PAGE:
As he has done for decades, once a week David F. Swensen convenes his staff — including his cadre of apprentices — for a morning-long meeting among the Gothic revival flourishes and crenelations of the Yale University campus to debate investment ideas.

Mr. Swensen, 62, runs the school’s $25.4 billion endowment, one of the largest in the country. Usually he is joined by his intellectual sparring partner, Dean Takahashi, his senior director. It amounts to an internship in the world of managing a university’s billions — and the young analysts have a front-row seat. “It was like watching a 70-year-old married couple go at it in full force,” recalled Andrew Golden, who was one of those Swensen acolytes in the 1980s.

But forget what you think about internships and fetching doughnuts for the bosses. The meetings are supposed to be a crucible of ideas, and the analysts — some of whom stay in the positions for years — recalled bringing their own proposals in the early days, and having to defend them or face the music. “It could be jarring to have your own view shredded by them,” Mr. Golden said.

As for Mr. Swensen, it’s an environment that brings together two things he loves: thinking about investments and teaching other people how to think about them. “They are twin passions of mine,” he said during a recent interview in his sun-filled corner office at the endowment’s headquarters on Yale’s New Haven campus. Certainly no school has incubated as many endowment managers as Yale.

Mr. Swensen is legendary in the rarefied world of endowment management. He has pioneered an investment strategy that expanded Yale’s portfolio from a plain-vanilla mix of stocks and bonds to substantial holdings in real estate, private equity and venture capital, along with other alternatives. Until then, the typical endowment was far more conservative. And through his graduates, his investment style has spread to the nation’s prominent schools and foundations. Today, Mr. Swensen and former protégés oversee nearly $100 billion in endowment money for schools including M.I.T., Stanford, the University of Pennsylvania, Bowdoin, Wesleyan and Princeton (which Mr. Golden manages). Other alumni are running the Rockefeller Foundation and the Ewing Marion Kauffman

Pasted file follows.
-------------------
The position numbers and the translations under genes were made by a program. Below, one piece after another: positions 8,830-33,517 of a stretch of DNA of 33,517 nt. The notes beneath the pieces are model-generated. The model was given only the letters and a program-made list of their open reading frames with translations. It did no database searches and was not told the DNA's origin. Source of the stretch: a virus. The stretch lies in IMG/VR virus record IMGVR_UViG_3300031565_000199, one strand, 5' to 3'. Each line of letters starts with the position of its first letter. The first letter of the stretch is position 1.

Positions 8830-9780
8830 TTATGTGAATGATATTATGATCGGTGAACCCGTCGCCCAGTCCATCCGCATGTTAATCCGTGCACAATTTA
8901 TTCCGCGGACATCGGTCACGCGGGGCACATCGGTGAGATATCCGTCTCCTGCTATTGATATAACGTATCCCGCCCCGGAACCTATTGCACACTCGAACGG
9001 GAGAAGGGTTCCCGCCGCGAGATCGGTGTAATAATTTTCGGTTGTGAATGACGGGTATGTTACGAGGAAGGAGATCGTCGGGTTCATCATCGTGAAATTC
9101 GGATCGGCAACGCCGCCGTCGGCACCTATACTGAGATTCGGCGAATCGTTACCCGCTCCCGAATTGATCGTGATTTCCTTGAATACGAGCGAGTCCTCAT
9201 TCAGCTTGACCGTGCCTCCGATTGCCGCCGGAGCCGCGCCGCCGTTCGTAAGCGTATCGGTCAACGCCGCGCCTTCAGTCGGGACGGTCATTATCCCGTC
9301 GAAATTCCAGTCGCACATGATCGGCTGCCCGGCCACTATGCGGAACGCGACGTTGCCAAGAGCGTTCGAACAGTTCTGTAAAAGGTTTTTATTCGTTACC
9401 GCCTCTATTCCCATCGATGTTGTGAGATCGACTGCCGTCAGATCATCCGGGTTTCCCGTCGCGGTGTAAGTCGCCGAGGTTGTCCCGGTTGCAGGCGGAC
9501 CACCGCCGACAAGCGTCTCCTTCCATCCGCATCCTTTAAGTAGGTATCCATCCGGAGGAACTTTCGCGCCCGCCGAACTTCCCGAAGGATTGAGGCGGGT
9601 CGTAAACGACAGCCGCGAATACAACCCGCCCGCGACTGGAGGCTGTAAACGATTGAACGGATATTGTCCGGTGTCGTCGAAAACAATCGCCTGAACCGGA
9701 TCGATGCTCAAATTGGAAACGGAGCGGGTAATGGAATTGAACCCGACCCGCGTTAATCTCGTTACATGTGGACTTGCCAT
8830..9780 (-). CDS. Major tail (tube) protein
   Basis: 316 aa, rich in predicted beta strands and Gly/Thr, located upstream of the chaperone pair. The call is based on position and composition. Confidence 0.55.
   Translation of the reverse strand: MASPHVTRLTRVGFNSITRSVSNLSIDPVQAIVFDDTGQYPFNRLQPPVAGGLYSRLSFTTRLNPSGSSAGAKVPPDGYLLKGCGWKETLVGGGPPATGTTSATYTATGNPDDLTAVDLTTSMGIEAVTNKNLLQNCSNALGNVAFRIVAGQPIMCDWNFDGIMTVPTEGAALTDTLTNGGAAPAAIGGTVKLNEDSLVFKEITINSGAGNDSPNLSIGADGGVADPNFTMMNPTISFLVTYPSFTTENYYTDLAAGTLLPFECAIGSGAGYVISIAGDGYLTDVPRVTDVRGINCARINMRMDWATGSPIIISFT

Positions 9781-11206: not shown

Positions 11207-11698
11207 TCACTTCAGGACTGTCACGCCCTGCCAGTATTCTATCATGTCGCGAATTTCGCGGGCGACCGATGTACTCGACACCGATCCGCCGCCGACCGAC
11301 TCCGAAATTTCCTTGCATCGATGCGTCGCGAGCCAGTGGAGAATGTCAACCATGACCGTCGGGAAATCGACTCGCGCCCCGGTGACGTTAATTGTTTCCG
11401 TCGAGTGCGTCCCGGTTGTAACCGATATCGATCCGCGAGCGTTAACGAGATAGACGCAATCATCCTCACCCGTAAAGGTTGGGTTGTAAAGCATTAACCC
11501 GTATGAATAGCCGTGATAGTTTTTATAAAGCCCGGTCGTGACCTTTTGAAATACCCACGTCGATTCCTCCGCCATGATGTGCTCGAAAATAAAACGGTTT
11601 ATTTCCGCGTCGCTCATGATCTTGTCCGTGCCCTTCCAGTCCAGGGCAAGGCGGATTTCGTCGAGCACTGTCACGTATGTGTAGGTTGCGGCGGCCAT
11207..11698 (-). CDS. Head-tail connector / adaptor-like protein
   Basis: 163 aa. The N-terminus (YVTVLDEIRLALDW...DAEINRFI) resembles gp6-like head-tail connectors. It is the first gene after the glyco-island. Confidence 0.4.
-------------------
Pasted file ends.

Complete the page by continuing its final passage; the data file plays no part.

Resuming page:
Foundation and working at the YMCA Retirement Fund and the Metropolitan Museum of Art. In an era when it is routine for money managers to elbow their way into the public consciousness — populating the news channels, burnishing their images — Mr. Swensen has largely stayed away from the spotlight, aside from writing a book, “Pioneering Portfolio Management.” Yet he is one of the most influential people in a generation that has seen endowments grow tremendously in importance at premier institutions. Yale’s endowment now provides 33 percent of the school’s budget, compared with 10 percent in 1985.

In a series of extended interviews, he and more than a half-dozen of his investment-office veterans discussed his management style — where they agree and disagree. Along the way Mr. Swanson gave his views on things as diverse as the pharmaceutical company Valeant — which “didn’t even have the fig leaf of R.&D. expenditures,” he said, to justify increasing its drug prices dramatically — to his toughest year, fiscal 2009, when his fund plummeted 24.6 percent during the economic meltdown.

In the aftermath, he got hurt in a particularly bad real estate investment. “This is one of my biggest mistakes in the past 30 years,” Mr. Swensen said. Over the decades, though, the Yale endowment has built one of the strongest records among the nation’s largest endowments. Most recently, in the fiscal year ended June 30 — a dismal one for most schools, with the average endowment declining 2.7 percent, according to Cambridge Associates, which tracks performance — Yale’s rose 3.4 percent.

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